The Power of Integrity

By Jim Carlone
Faculty Advisor to the Senate

This January marks the 105th anniversary of the Honor Code at McCallie.

In January 1906, the two McCallie founders decided that they wanted an Honor Code at their brand new school similar to the one at the University of Virginia, where James Park McCallie had attended. For them, personal honor was absolutely crucial for the development of a McCallie man.

For over 10 decades, the Honor Code has been part of the very core of our school. It is, in fact, one of our oldest traditions. Our alumni always comment that the three things they remember most fondly about their time at McCallie are the friendships with fellow students, the relationships they formed with their teachers, and the Honor Code.

I challenge each and every one of us to do our part to make McCallie extraordinary in this area. You’ve heard me say many times that just because we have an honor code in place does not make us honorable people. Signing the Book of Honor does not make us honorable people.

There will always be another test, another homework, another paper to pull up your grade. But you will NOT have too many chances to earn back someone’s trust if you have lost it.

Acting with honor and integrity is a choice we have to make every single day. Both students and adults alike. And it is not always an easy choice to make, because there are definitely consequences when we make mistakes. There are a thousand scenarios you could find yourself in every single day where you have to make a decision about whether or not to act honorably, and it would be very easy or tempting to make a bad choice: you get swamped with work, you run out of time, you’re worried about your grade, you don’t want to fail a quiz that you didn’t study for, you’ve got to turn in that paper before you get a late penalty, you don’t want to ask your teacher for help or for an extension, you don’t want to get the marks or the demerits.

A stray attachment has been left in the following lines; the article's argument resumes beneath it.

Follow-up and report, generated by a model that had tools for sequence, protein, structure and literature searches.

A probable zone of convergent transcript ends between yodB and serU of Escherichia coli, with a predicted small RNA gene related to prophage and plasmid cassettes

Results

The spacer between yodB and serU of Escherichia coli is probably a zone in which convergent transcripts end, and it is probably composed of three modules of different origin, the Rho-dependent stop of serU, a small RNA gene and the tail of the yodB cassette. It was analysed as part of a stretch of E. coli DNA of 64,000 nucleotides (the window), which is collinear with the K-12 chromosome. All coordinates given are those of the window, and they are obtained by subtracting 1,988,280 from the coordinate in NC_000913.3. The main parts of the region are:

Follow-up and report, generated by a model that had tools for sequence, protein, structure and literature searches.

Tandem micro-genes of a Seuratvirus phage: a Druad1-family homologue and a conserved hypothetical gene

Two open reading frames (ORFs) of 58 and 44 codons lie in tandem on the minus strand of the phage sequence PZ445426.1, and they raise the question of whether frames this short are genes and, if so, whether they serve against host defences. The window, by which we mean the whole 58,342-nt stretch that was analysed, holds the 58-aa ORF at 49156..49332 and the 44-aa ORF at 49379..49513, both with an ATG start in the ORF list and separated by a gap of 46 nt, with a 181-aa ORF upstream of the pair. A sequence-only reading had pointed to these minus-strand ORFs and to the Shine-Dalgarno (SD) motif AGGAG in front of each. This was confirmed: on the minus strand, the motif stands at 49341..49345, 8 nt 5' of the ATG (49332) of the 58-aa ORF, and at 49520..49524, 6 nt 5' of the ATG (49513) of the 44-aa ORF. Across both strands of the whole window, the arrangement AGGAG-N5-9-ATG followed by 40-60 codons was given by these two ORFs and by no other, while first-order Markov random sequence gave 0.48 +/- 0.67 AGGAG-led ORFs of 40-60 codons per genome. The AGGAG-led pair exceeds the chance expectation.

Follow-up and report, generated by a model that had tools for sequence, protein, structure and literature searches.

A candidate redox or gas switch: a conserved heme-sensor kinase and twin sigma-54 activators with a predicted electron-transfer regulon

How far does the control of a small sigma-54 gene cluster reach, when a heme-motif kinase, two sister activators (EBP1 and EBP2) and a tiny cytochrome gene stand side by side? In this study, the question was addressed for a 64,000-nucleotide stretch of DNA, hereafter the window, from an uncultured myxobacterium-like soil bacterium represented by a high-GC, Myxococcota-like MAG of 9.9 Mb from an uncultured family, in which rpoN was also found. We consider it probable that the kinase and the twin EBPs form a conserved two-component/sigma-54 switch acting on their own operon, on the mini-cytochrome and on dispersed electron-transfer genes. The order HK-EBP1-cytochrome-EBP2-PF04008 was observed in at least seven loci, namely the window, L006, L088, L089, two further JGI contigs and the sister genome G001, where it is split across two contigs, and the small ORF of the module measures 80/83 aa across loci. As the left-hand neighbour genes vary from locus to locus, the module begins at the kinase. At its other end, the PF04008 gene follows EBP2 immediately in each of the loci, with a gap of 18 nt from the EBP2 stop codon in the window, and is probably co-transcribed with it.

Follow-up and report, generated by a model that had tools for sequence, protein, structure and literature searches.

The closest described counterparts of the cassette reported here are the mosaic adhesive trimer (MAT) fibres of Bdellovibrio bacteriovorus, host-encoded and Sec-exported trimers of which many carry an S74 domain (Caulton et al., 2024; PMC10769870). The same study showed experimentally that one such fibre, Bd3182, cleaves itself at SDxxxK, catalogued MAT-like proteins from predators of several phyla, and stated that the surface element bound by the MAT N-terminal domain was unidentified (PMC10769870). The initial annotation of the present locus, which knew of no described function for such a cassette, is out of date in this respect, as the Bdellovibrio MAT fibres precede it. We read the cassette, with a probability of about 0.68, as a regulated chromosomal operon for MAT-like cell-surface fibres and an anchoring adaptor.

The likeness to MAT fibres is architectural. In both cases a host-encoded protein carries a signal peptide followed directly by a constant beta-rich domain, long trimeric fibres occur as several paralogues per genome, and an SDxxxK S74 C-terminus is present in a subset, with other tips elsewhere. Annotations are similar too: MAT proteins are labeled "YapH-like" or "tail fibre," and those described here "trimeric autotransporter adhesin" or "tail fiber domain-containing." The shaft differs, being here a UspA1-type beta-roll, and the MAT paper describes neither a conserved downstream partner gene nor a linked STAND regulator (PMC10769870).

It is all about choices.

But even though you might not believe it, it is always better to take a late penalty or to get an “F” on a quiz or a test or to take the demerits or turn the paper in late than to commit an honor violation. You always have a choice to do the right thing. It may not be the easy thing to do or the popular thing to do, but you can always choose to maintain your integrity. Never be afraid to ask a teacher for help, or for more time, to come clean, or to stand up for what you know is right – no matter what the consequences.

Even though grades are important, they are not nearly as important as your integrity. You can always improve your grades. There will always be another test, another homework, another paper to pull up your grade. But you will NOT have too many chances to earn back someone’s trust if you have lost it. This is true everywhere – whether you are in high school, college or you are an adult in your professional life.

In the long run, very few people truly care what grades you got in high school. But they will care immensely if they feel they can’t trust you. Never underestimate the power your integrity can hold.

Please understand, I am not perfect; none of us is perfect. It’s not about never making a mistake. It’s about making good choices – difficult choices perhaps – but good choices because they make us better people. People we can be proud of, in a school we can be proud of.

I’d like to close my portion of the presentation with this Bible verse from Zechariah 8:16: “These are the things you are to do: Speak the truth to each other, and render true and sound judgment in your courts; do not plot evil against your neighbor, and do not love to swear falsely. I hate all this, declares the Lord.”

When you act with integrity, you are not just respecting our Honor Code, you are honoring yourselves and God as well. Good luck this year, do your best, and please let me know if there is anything I can do to help you.

Jim Carlone is a 1988 graduate of McCallie School and a graduate of Kenyon College. He was named the 2002 Kio-Kio Distinguished Teacher and has been a long-time advisor to the student Senate.

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